(99.) Cf. Rick Sims, What Appellate Judges Do, 7 J. App. Prac. & Process 193 (2005).

(100.) See Karl N. Llewellyn, The Common Law Tradition: Deciding Appeals 521-35 (Little, Brown 1960) (Appendix C: Canons on Statutes), a book described by former Yale Law School Dean Anthony Kronman as "the best account of common-law adjudication that any American has ever offered." Anthony Kronman, The Lost Lawyer 211 (Belknap Press 1993).

(101.) Llewellyn, supra n. 100, at 521.

(102.) For a more detailed analysis and discussion of the differences between--and the different strengths of--oral and written argument, see Mark R. Kravitz, Written and Oral Persuasion in the United States Courts: A District Judge's Perspective on their History, Function, and Future, 10 J. App. Prac. & Process 247 (2009).

(103.) Lynne Truss, Eats, Shoots & Leaves 180 (Profile Books 2003).

(104.) Llewellyn, supra n. 100, at 521.

(105.) See Alberto Manguel, A History of Reading 39 (Viking Penguin 1996) (quoting Lewin C. Wittrock, Reading Comprehension, in Neuropsychological and Cognitive Processes in Reading (Oxford U. Press 1981) for the insight that "readers attend to the text. They create images and verbal transformations to represent its meaning. Most impressively, they generate meaning as they read by constructing relations between their knowledge, their memories of experience, and the written sentences, paragraphs and passages").

(106.) Perrin v. U.S., 444 U.S. 37, 42 (1979) (citing Burns v. Alcala, 420 U.S. 575 (1975)).

(107.) NLRB v. Federbush Co., Inc., 121 F.2d 954, 957 (2d Cir. 1941) (L. Hand, J.).

(108.) Id.

(109.) See generally Eric S. Lasky, Student Author, Perplexing Problems with Plain Meaning, 27 Hofstra L. Rev. 891 (1999).

(110.) 991 So. 2d 803 (Fla. 2008).

(111.) Id. at 806.

(112.) Id. at 815-27 (Lewis, J., dissenting), 827-35 (Bell, J., dissenting).

(113.) Id. at 805 (quoting statute).

(114.) Id. at 811 (quoting Joshua v. City of Gainesville, 768 So. 2d 432, 435 (Fla. 2000)).

(115.) Smith v. U.S., 508 U.S. 223,229 (1993); accord Leocal v. Ashcroft, 543 U.S. 1, 9 (2004).

(116.) Household Credit Servs., Inc. v. Pfennig, 541 U.S. 232, 239 (2004) (quoting Kmart Corp. v. Cartier, Inc., 486 U.S. 281 (1988)).

(117.) See e.g. Fla. Stat. [section] 316.123(2)(a) (LEXIS 2009).

(118.) See e.g. Natl. Fedn. of Fed. Employees Loc. Union 1309 v. Dept. of Interior, 526 U.S. 86, 101 (1999) (O'Connor, J., dissenting) ("The Court today ignores the plain meaning of the Federal Service Labor-Management Relations Statute.").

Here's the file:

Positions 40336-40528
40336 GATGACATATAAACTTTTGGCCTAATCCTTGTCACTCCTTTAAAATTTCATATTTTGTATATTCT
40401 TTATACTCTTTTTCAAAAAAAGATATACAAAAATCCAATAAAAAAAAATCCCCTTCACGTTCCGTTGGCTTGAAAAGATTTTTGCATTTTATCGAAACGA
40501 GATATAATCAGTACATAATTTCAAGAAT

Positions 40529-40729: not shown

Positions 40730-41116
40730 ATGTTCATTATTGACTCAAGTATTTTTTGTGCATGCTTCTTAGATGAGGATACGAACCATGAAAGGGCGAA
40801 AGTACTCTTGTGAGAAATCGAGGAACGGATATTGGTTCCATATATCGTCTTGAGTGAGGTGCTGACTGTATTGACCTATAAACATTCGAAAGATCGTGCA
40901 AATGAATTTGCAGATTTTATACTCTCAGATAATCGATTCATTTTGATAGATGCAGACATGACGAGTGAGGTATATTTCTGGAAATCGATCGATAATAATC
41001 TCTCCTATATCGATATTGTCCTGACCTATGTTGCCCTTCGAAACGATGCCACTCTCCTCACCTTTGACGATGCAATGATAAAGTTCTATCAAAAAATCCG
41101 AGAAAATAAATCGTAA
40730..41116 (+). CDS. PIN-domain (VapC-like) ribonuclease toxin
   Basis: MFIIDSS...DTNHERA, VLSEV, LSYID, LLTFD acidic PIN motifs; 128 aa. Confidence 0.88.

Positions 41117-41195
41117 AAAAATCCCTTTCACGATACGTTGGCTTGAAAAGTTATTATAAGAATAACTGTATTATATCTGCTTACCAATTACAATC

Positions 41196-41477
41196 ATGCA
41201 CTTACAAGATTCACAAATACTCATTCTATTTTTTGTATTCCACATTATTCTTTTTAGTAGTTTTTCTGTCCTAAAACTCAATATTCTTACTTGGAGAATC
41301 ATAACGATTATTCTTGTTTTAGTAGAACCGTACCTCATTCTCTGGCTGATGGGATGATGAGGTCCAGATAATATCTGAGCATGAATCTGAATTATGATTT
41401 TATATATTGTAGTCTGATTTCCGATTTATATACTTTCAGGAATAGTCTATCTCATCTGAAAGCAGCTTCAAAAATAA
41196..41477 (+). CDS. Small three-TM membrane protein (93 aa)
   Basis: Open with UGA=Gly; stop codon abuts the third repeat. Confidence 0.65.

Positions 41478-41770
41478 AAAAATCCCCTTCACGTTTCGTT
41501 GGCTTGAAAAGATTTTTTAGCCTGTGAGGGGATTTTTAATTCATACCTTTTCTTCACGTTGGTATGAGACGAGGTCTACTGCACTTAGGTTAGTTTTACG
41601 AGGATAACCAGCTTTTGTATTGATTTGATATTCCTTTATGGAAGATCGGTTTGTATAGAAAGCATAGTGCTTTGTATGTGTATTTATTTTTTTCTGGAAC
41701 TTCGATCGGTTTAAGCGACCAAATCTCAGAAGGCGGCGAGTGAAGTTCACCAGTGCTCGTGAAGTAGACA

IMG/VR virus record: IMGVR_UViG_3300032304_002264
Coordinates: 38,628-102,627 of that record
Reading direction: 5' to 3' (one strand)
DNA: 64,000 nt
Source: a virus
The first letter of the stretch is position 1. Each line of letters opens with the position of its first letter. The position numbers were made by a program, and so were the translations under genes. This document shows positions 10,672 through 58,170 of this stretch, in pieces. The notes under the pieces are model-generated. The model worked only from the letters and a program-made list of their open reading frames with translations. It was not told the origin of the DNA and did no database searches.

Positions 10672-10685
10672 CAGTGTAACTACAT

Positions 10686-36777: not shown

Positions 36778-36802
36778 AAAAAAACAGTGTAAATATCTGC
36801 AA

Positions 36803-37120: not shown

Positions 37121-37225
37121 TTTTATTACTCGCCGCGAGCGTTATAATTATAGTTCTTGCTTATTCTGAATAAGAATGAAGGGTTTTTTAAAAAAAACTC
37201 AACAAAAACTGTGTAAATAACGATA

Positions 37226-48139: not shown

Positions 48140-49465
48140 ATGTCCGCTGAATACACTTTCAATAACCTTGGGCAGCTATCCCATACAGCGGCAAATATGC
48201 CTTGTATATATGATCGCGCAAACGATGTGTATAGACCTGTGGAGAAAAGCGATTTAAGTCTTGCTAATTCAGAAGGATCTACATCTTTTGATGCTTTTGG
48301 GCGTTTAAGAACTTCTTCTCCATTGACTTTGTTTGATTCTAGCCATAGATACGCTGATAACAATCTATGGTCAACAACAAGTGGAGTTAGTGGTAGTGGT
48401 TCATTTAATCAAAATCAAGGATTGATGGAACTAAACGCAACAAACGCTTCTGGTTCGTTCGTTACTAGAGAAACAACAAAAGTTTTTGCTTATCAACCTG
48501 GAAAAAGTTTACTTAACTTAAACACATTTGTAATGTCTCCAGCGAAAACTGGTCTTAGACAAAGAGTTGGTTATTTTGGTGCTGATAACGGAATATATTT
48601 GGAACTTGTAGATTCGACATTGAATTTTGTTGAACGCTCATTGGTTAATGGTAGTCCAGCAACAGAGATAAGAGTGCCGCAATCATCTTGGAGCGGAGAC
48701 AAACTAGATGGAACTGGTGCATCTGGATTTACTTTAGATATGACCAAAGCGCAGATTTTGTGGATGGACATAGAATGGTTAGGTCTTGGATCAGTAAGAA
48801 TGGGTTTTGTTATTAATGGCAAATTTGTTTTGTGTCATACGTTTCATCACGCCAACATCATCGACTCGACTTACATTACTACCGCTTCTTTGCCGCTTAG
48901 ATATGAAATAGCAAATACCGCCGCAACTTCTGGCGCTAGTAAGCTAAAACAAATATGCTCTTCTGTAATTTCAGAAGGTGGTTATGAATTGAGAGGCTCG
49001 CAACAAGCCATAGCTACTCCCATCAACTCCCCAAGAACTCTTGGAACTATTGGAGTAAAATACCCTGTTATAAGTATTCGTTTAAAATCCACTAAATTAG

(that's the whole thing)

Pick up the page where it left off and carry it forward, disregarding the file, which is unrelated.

(119.) Zuni Public Schools' Dist. No. 89 v. Dept. of Educ., 550 U.S. 81, 108 (2007) (Scalia, Thomas & Souter JJ., and Roberts, C.J., dissenting) (citations omitted).

(120.) See R.L.C., 503 U.S. at 307-08 (Scalia, Kennedy & Thomas, JJ., concurring in part and concurring in the judgment).

(121.) Id. at 309; see also Sarah Newland, Student Author, The Mercy of Scalia: Statutory Construction and the Rule of Lenity, 29 Harv. C.R.-C.L.L. Rev. 197 (1994).

(122.) U.S. v. Mezzanotto, 513 U.S. 196, 212 (1995) (Souter & Stevens, JJ., dissenting).

(123.) Boston Sand & Gravel Co. v. U.S., 278 U.S. 41, 48 (1928) (Holmes, J., writing for the majority); see also U.S. v. Am. Trucking Assns., Inc., 310 U.S. 534, 543-44 (1940) ("When aid to construction of the meaning of words, as used in the statute, is available, there certainly can be no 'rule of law' which forbids its use, however clear the words may appear on 'superficial examination.'") (quoting Helvering v. N. Y. Trust Co., 292 U.S. 455 (1934)).

(124.) Cabell v. Markham, 148 F.2d 737, 739 (2d Cir. 1945), aff'd, 326 U.S. 404 (1945).

(125.) Hammock v. Loan & Trust Co., 105 U.S. 77, 84-85 (1882) (internal quotation marks and citation omitted).

(126.) United Sav. Assn. of Tex. v. Timbers of Inwood Forest Assocs., Ltd., 484 U.S. 365, 371 (1988).

(127.) U.S. v. Heirs of Boisdore, 49 U.S. (8 How.) 113, 122 (1849) (quoted in more than a dozen cases).

(128.) Kronman, supra n. 100, at 196 (footnote omitted).

(129.) Llewellyn, supra n. 100, at 521 (emphasis in original).

(130.) Kronman, supra n. 100, at 231-32 (attributing the term to Judge Posner).

(131.) Richard A. Posner, How Judges Think 230 (Harvard U. Press 2008).

Steven Wisotsky, Professor of Law, Shepard Broad Law Center, Nova Southeastern University. Professor Wisotsky is the author of Professional Judgment on Appeal: Bringing and Opposing Appeals (2d ed., Carolina Academic Press 2009). Nathaniel Dutt (NSU Law 2011) and Aaron Humphrey (NSU Law 2011) contributed to the editing of this article.
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Date:Sep 22, 2009